Glut of shark sightings at beaches prompt warnings

A run of shark sightings has prompted calls for swimmers to be aware about sharing the water safely.

Lifeguards recorded more than 40 first-hand sightings of sharks across two regions in the past fortnight, Surf Life Saving said on Tuesday.

And while lifeguards were used to sharing the water with sharks and most of those seen were not big enough to cause alarm, Surf Lifesaving eastern manager Chaz Gibbons-Campbell said, he warned people to be cautious.

"In the last two weeks we've had 42 sightings across Coromandel and Bay of Plenty. That's from lifeguards seeing sharks swimming by, and most of them are on the small size range, so sort of under a metre and a half."

Hastings man Timothy James Carrington got some close snapshots of a shark he estimated was about 2 metres long, and only about 2 metres from the beach at Whirinaki, north of Napier, on Tuesday.

He posted the photos to an online community group to warn people to be careful.

"It was in very close. I walked down the beach to tell a dog owner that was throwing sticks into sea [for his dog] ...that he was throwing the stick further out than shark was."

It was hard to tell what type of shark it was, he was, and many people had guessed it was a bronze whaler, but Carrington himself thought it could be a blue shark.

Gibbons-Campbell said surf lifesavers even though the vast majority of sharks likely to be encountered at the beach were harmless, people should take safety precautions to keep safe.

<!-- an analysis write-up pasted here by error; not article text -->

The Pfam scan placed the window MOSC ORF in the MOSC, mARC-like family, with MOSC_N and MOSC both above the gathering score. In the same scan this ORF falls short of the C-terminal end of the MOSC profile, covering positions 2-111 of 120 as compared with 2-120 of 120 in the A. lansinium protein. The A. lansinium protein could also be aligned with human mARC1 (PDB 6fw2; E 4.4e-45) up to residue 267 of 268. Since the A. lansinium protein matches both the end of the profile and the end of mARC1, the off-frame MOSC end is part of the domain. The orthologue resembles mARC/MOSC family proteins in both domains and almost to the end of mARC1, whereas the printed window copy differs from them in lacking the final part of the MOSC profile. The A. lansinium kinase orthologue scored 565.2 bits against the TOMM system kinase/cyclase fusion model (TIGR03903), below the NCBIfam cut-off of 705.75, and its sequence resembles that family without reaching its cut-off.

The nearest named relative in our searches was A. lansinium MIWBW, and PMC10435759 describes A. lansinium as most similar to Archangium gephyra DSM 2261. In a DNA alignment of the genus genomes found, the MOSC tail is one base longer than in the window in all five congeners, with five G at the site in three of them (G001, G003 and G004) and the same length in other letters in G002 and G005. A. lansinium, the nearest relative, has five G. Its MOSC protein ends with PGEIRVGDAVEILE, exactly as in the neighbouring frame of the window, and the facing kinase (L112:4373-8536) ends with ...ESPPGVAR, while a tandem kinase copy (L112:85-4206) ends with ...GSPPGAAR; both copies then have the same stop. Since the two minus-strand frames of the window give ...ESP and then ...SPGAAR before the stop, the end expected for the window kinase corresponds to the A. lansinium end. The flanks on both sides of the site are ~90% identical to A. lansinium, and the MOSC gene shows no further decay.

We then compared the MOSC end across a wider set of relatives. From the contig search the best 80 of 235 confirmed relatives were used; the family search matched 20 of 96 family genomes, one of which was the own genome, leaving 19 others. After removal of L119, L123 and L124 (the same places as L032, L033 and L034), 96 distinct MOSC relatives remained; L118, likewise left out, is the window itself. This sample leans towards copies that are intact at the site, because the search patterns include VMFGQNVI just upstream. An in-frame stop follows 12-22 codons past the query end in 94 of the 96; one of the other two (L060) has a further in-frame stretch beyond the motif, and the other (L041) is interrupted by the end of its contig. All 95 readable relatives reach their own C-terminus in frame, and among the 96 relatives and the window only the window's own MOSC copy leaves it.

"Don't swim where people are fishing ... and avoid swimming at dawn and dusk," when sharks are feeding, he said.

And, "around fishing... make sure that you are disposing of your fish carcasses appropriately, by not dumping them in the ocean."

Last week marine scientist Riley Elliott warned the El Nino climate shift could bring more cool and fish-rich waters to New Zealand's coastline, and draw out more sharks.

And Department of Conservation marine scientist Clinton Duffy told RNZ the best way to stay safe if you spot a shark is to get out of the water as quickly and as quietly as possible.

A teenager was killed in a shark attack late in December off South Australia's coast. And several shark attacks had also already been reported in New Zealand waters this summer, including on the Wairarapa coast and in knee-deep water in a Southland estuary.